Editor’s note: This is a first in the series highlighting what local teens are doing this summer. Contributor Annalise Deal will be a junior at Menlo-Atherton High School in the fall, where she’s involved in the journalism program. If you know about local teens involved in interesting events or activities, please let us know at tips[at]inmenlo.com.
Seventeen teens from the Trinity Church youth group in Menlo Park returned home recently from a week-long service trip to New Orleans, where our eyes were opened by the work we completed — and the people we met.
We split into two groups during our stay, one working to remove Chinese drywall from post-Katrina houses (pictured at bottom) and the other to paint a house that will be used as a transitional recovery program for women coming off the streets of New Orleans.
Those of us who worked at the Chinese drywall house were moved by the story of Miss Valerie and Mister Darrell, the recently retired homeowners. As a result of Hurricane Katrina in 2005, their house flooded with five feet of water and needed to be completely rebuilt.
The contractor who built their house, and many of their neighbors’ homes, used drywall imported from China, which contains low levels of sulfur. Over time, this drywall can corrode nails, plumbing and electrical wires as well as cause health problems. Miss Valerie had already begun to get sick and was in need of help in order to not lose electricity and plumbing. Though the work was hot and grueling, we were moved by the couple’s story, and their patience, motivation, and hospitality as they worked along side us.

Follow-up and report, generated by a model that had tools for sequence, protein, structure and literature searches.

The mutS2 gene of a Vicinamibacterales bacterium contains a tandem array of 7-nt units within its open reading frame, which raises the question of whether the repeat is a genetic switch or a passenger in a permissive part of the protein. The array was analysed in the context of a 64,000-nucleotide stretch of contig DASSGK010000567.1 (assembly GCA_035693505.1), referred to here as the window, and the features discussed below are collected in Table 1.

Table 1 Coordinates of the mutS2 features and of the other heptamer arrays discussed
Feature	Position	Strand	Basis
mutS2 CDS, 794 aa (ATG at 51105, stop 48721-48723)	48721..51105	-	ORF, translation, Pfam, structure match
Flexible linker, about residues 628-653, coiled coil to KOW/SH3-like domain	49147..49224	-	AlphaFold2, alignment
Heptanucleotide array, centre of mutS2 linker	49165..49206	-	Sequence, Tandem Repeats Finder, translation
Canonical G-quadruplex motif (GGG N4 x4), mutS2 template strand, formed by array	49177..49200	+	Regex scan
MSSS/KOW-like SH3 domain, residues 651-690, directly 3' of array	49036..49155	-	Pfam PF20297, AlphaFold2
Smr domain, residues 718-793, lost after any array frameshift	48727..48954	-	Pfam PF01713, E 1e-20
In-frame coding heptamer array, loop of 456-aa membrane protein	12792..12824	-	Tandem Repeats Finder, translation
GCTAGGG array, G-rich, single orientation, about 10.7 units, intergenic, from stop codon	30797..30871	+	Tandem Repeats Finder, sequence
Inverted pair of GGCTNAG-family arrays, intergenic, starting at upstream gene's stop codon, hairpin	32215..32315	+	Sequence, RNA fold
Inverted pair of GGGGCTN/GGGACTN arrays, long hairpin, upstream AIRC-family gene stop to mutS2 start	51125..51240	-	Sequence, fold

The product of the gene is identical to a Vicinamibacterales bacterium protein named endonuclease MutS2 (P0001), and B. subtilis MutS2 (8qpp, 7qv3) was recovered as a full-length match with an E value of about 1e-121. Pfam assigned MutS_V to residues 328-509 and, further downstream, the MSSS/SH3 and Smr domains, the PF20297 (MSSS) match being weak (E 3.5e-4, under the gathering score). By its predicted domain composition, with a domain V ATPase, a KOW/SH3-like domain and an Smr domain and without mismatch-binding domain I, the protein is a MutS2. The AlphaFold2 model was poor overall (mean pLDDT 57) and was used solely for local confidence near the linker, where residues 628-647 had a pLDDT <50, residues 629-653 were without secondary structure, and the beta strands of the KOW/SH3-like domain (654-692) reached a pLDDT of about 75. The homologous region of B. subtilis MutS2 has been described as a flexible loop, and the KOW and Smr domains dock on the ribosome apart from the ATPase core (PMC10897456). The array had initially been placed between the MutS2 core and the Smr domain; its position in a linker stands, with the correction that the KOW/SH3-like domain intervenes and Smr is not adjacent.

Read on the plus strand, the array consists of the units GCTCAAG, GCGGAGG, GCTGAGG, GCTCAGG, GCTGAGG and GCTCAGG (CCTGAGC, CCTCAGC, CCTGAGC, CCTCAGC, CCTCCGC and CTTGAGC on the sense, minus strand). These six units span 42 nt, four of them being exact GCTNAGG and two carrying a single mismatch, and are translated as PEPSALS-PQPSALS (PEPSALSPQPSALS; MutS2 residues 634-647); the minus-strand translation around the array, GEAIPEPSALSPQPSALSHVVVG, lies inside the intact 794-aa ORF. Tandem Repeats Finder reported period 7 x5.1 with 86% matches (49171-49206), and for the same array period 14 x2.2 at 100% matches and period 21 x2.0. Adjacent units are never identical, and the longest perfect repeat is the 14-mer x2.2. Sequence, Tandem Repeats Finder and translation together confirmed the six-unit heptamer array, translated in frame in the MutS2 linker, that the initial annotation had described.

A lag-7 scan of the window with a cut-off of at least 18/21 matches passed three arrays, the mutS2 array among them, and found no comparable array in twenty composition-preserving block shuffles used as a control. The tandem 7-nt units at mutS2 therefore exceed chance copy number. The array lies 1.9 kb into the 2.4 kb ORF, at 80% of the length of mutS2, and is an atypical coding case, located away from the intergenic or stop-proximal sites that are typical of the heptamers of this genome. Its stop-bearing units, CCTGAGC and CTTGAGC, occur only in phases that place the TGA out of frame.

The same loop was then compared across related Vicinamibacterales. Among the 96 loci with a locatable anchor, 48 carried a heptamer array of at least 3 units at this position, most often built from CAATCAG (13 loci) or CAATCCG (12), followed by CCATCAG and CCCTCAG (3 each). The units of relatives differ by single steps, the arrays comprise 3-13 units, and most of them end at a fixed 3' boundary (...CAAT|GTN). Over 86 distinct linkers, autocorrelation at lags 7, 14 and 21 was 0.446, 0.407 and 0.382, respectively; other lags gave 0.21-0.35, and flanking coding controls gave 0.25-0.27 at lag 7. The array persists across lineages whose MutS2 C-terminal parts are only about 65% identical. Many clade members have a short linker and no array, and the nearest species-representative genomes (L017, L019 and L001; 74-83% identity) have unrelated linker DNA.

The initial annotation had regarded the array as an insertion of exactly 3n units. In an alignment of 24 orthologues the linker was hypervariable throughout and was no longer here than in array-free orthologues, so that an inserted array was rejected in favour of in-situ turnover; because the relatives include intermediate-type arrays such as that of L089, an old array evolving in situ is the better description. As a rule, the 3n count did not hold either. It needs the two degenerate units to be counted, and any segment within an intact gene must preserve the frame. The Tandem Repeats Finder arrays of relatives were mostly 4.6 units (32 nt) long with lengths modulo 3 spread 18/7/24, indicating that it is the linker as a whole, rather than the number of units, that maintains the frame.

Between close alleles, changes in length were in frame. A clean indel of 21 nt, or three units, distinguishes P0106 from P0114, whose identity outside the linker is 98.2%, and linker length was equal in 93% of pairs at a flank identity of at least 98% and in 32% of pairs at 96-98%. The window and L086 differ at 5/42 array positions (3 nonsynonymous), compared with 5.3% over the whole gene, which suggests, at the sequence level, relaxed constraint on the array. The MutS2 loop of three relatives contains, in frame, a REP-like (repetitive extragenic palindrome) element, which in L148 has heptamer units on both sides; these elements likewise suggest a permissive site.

The other half of the group continued the work that the teens began last year during their service trip to Nashville. The house they painted in New Orleans, called Eden, was inspired by Nashville’s Magdelene house, which serves abused women who have fallen victim to addiction and prostitution. Those who participated at Eden were motivated to work in the most precise and beautiful way so that the women would feel as if they have a home that honors them.
We came away moved by the continuing impact Katrina has on the city, as we worked in neighborhoods turned upside-down by the flooding and then brought back together by family ties and incredible sense of community. We were struck by the optimism of all the people we encountered.